Try these Azalea Festival-inspired treats

Published 12:03 am Saturday, April 18, 2015

Shown is a table setting with Azaleas. | Connie Anderson/Star-News

Shown is a table setting with Azaleas. | Connie Anderson/Star-News

We have spent the last week in Wilmington, N.C. at the 68th Azalea Festival. Our house which we have owned for 38 years was the ribbon-cutting house for the Historic Wilmington Foundation House Tour. So I spent the week cleaning, and cleaning again, and my painter/carpenter finally got the outside finished (he has been working since December), but he did a great job and the house looks so clean and fresh. This was our incentive for doing the tour! My husband got the yard in shape, even working with rain every day.

Our home in Wilmington was built in 1851 by Duncan Kirkland McCrae, a noted N.C. lawyer, politician, orator and diplomat. He served with distinction as a colonel in the War Between the States. Another family purchased the house in 1866 and remained prominent in the local community. The second generation of Willards, Martin S. Willard, made a good deal of money in the insurance business, insuring cotton shipped from N.C.’s largest city to the world. In 1896 he hired a N.C. architect to renovate and enlarge the house, and the house remains much as the family left it. It is a cream-colored stucco with iron grillwork flaunting itself on the corner of 6th and Orange. One notable feature is the working gas lights in the house.

Mrs. Willard in 1925 helped establish the Cape Fear Garden Club which has been involved with the Azalea Festival since its beginning in 1948. They have been opening private gardens for touring since 1953. The Historic Wilmington Foundation is sponsoring its 24th annual house tour. The Azalea Festival is estimated to attract 200,000 people to its many events.

Many famous people have attended the Azalea Festival over the years. Notable was Ronald Reagan, who participated in the 1969 Azalea Festival. I found my old 1982 cookbook, “A Cook’s Tour of the Azalea Coast,” and in there was a crabmeat casserole given by Nancy Reagan. I thought it was worth sharing.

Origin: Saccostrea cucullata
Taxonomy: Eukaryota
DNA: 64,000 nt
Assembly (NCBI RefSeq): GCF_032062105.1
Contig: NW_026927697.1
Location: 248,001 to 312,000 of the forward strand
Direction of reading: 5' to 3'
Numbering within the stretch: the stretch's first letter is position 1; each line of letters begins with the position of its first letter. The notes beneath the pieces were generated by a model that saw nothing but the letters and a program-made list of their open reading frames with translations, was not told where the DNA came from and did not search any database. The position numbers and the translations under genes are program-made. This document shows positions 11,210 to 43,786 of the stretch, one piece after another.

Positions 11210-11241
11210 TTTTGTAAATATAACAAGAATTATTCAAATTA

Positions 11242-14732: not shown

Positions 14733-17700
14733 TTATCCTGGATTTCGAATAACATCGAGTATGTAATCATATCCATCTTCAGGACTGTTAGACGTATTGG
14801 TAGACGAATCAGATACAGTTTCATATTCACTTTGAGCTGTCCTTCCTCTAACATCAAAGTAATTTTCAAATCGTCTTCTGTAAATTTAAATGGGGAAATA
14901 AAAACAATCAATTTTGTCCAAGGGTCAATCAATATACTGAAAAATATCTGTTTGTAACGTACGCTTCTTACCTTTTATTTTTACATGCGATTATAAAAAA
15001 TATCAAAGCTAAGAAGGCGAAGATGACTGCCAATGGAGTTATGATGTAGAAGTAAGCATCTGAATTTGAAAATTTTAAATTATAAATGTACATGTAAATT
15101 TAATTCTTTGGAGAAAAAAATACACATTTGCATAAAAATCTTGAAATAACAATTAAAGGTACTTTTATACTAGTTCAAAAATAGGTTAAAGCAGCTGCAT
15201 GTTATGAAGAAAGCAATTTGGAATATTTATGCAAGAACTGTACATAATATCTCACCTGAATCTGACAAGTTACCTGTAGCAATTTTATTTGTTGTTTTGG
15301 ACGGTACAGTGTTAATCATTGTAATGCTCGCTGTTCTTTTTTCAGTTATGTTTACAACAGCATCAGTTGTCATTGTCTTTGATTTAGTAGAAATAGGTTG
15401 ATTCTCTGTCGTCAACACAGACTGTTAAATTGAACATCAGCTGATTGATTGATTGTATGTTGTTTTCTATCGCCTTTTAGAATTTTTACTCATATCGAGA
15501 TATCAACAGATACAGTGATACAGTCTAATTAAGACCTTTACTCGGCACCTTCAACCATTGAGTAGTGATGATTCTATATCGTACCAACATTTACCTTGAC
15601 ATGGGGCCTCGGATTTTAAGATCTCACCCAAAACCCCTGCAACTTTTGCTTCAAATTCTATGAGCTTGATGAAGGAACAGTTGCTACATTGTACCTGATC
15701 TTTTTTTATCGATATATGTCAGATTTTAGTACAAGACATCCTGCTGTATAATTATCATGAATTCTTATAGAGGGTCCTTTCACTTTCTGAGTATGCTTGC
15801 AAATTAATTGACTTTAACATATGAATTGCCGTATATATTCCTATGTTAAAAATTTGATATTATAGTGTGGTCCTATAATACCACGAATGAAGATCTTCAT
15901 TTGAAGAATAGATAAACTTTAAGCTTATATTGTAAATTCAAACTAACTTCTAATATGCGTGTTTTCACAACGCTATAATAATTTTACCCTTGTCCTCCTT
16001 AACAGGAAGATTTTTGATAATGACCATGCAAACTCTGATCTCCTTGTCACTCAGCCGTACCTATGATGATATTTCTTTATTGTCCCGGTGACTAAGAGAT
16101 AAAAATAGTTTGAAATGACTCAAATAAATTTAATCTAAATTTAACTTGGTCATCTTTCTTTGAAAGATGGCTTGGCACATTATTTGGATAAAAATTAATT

Crabmeat Casserole

Serves 8

1 (20-ounce) can artichoke hearts

1 pound crabmeat

½ pound fresh mushrooms, sautéed

4 tablespoons butter

2 ½ tablespoons flour

1 cup cream

½ teaspoon salt

1 teaspoon Worcestershire sauce

¼ cup medium dry sherry

Paprika to taste

Cayenne to taste

Pepper to taste

½ cup Parmesan cheese, grated

Preheat oven to 375 degrees. Place artichokes in bottom of a 2 ½-quart baking dish; spread a layer of crabmeat. Add a layer of sautéed mushrooms. Melt butter in a saucepan; add flour, cream, salt, Worcestershire sauce, sherry, paprika, cayenne and pepper. Stir well after each addition to for a smooth sauce. Pour sauce over artichoke-crab layer and sprinkle with cheese on top. Bake 20 minutes.

I had the pleasure of seeing Bob Hope in person at the 1981 Azalea Festival. It was great fun. I have a recipe from the same cookbook for Bob Hope’s favorite lemon pie.

Bob Hope’s

Favorite Lemon Pie

1 cup sugar

3 tablespoons cornstarch

1 cup water, boiling

4 eggs, separated

2 tablespoons butter

Rind of 1 lemon, grated

4 tablespoons lemon juice

Pinch of salt

2 tablespoons sugar

1 (9-inch) pie shell, baked

Combine in saucepan cornstarch and sugar. Add water slowly, stirring constantly, until thick and smooth. Add slightly beaten egg yolks, butter, lemon rind, juice and salt. Cook 2 or 3 minutes. Pour into baked pie shell. Cover with meringue made from 3 egg whites, beaten stiff with 2 tablespoons sugar. Bake in slow oven 15 minutes or until lightly brown.

One Azalea Queen was infamous. In 1989 the Azalea Queen was dethroned when it was discovered she had been playmate of the month, February 1986. We have none of her recipes.